Duration 4min 49sec


KB: Soul City, a social health development initiative, in partnership with government’€™s Khomanani campaign has been tasked with developing an awareness strategy to coincide with the pending roll-out of the HIV and AIDS treatment programme. For the roll-out to be successful, people have to know that it’€™s available and how to access it. The work that Soul City will do will spans a range of media. Lebogang Ramafoko is a Project Manager with the organisation.

LEBOGANG RAMAFOKO: We’€™ve produced this booklet on ‘€œHIV and AIDS’€¦ action now!’€ It has a lot of vital information around why is AIDS spreading, what is HIV. What we are including in that information in order to contextualise ARV treatment is to reinforce how you prevent HIV and AIDS, to add messages around how you can live longer and healthier with ARV treatment. And it goes into what is ARV treatment, what are the benefits, where can I get it, how to make it work for me, what are the side-effects, and it also deals with treating other illnesses.

KB: The same booklet will be produced in two different forms to reach separate audiences. The first is intended for people with a Level Five or Grade Six education. The second will be aimed at a more literate audience.

LEBOGANG RAMAFOKO: We will be rolling out eight million copies in all our 11 official languages from April. But, we are part of the campaign that will be kicking in as soon as possible in the beginning of March, just communicating and above the line, meaning advertisements will see and hear, that says two things: One, ARV is available, go and find out from your health-care worker or go and get tested. And another one that says they’€™re available to know how to benefit from them, get the Soul City booklet.

KB: In October, a new Soul City radio series will be broadcast in all languages. That will soon be followed by a TV series early next year. Both these will focus on AIDS treatment. While antiretrovirals are a primary component of the Treatment Plan, nutrition and traditional medicines also feature prominently. An important message will be for patients to understand what they are taking and why.

RAMAFOKO: We are not of the opinion that we can basically stand with a stick and say to people, ‘€œThis is the good way, this is not the good way’€’€¦ However, what we encourage people to do is that do not just mix, even if it is an immune booster that you’€™ve been using all this time, or a multi-vitamin tablet’€¦ There might be a reaction’€¦ We need to say to our people’€¦ be a much more proactive and empowered patient. Whatever you take, take it to the doctor and say, ‘€œYou’€™ve given me these drugs, but I’€™ve also been taking this, and I’€™m feeling a bit funny. What do you think this is?’€ And not to judge, or to say, ARV’€™s, because they are Western medicines they are better than traditional medicines. We are saying adherence is key to ARV’€™s. It is very important for the country that the programme works well.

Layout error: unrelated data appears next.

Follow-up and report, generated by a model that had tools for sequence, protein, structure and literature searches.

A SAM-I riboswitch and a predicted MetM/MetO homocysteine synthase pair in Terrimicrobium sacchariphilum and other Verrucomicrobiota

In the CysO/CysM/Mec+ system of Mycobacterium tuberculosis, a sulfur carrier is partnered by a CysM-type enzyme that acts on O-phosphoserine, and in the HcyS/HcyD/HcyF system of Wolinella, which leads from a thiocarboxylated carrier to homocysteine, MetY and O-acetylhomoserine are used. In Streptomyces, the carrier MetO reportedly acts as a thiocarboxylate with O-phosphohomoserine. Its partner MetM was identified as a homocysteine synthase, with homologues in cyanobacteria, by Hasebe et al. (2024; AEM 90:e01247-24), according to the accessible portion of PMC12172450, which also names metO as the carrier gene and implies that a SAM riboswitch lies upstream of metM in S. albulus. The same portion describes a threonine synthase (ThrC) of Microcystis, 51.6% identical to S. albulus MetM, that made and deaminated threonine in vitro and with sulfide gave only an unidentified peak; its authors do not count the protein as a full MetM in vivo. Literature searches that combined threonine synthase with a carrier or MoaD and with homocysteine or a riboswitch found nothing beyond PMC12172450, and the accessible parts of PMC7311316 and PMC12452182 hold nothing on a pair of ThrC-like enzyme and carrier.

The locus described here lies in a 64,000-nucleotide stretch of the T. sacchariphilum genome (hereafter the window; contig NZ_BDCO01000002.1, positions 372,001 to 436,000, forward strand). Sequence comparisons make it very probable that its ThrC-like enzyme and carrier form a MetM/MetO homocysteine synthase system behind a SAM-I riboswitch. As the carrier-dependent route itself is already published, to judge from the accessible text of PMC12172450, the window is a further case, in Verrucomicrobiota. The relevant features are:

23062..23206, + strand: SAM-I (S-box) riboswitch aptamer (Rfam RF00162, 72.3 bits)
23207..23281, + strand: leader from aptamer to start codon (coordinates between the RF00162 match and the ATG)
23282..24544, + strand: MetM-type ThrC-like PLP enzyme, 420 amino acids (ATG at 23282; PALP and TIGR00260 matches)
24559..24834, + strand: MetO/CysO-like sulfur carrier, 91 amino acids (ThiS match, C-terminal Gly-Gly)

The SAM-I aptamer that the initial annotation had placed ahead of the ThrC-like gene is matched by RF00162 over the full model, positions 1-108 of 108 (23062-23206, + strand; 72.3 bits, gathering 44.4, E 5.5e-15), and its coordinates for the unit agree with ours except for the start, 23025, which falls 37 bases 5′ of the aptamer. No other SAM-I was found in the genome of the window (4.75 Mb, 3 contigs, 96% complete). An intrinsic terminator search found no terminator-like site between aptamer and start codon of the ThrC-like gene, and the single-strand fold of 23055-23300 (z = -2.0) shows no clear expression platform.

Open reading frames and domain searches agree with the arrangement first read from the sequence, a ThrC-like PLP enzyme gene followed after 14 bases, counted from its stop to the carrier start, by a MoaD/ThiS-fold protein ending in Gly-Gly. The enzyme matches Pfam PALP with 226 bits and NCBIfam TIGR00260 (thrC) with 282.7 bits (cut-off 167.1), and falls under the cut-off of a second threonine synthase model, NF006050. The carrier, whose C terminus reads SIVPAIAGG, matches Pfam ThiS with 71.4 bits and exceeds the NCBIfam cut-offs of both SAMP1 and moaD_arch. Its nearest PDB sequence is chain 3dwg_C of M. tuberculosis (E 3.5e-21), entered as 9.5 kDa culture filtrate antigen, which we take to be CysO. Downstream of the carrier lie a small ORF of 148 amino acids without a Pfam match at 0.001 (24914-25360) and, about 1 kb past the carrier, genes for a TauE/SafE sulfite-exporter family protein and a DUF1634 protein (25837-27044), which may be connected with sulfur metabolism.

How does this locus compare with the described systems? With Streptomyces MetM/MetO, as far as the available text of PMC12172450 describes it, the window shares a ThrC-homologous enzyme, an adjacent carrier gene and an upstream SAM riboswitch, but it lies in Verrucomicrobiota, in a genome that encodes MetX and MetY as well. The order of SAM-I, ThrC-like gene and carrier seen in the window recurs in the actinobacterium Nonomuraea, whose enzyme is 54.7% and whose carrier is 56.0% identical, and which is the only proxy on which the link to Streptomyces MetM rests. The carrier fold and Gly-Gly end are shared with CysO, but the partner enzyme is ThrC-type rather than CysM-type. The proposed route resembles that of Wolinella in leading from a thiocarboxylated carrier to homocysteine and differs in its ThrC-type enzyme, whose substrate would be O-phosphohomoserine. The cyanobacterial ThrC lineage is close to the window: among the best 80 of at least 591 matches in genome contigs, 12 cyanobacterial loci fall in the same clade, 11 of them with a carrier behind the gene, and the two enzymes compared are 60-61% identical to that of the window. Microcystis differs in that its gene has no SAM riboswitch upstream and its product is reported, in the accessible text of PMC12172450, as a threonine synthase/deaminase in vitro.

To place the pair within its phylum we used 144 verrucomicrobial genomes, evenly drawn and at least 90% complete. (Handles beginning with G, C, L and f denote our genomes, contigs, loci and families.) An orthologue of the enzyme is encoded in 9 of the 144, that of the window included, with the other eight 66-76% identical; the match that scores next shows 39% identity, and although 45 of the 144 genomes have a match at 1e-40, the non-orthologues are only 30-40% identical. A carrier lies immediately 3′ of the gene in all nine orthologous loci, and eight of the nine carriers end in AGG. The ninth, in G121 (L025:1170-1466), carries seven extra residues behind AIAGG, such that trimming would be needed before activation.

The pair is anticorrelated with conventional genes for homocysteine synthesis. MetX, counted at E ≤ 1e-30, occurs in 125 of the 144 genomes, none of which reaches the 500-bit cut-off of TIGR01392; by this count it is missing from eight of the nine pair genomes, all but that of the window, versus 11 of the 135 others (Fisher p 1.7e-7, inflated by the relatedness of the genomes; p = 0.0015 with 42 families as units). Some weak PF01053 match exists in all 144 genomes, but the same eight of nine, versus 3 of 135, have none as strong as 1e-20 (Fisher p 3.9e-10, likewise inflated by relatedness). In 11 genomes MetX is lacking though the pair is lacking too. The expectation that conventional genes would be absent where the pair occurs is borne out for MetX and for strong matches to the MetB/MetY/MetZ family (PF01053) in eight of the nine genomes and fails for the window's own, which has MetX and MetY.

KB: Ramafoko says it’€™s also important to tell the truth about what antiretrovirals can do, or cannot do for people.

RAMAFOKO: The biggest and first thing that we say is that it is not a cure, but it does help you live a healthier and longer life. We also are basically saying not everyone who has just tested needs ARV’€™s. We are basically saying some people will still die on ARV’€™s. For example, with the roll-out Plan, one of the defining ways for people to benefit is if your CD 4 count is below 200. Now, clinically, that is when you are very sick. And sometimes for some people it may have a Lazarus effect where their CD 4 count shoots up and it does what it has done for a lot of people where they say, ‘€œI was almost on my death-bed and now I’€™m sick’€. But unfortunately for others, the opportunistic infections might just take them and it may just be too late. So, while they work and they are effective, I think it is true. And that is what we want to send to our audiences’€¦ not everybody is just going to have the Lazarus benefit from the ARV’€™s.    

KB: The most important message to send out, says Ramafoko, is of the need for openness and tolerance around HIV and AIDS and to support those on medication.

RAMAFOKO: Our biggest threat around successful ARV treatment is not the availability or non-availability of drugs. It’€™s people adhering. And people can adhere within an environment where people are supportive. We are going to need who are going to act as treatment assistants where they can encourage people to take the treatment. We’€™ve got wonderful stories where people really attest to the fact that having somebody that will say, ‘€œIt’€™s time to take your treatment’€, whether it’€™s a family member or whatever. So, I think we can turn the tide against HIV and AIDS. We can at least, whether we are positive or negative, all be supportive of people living with HIV.

E-mail Khopotso Bodibe  


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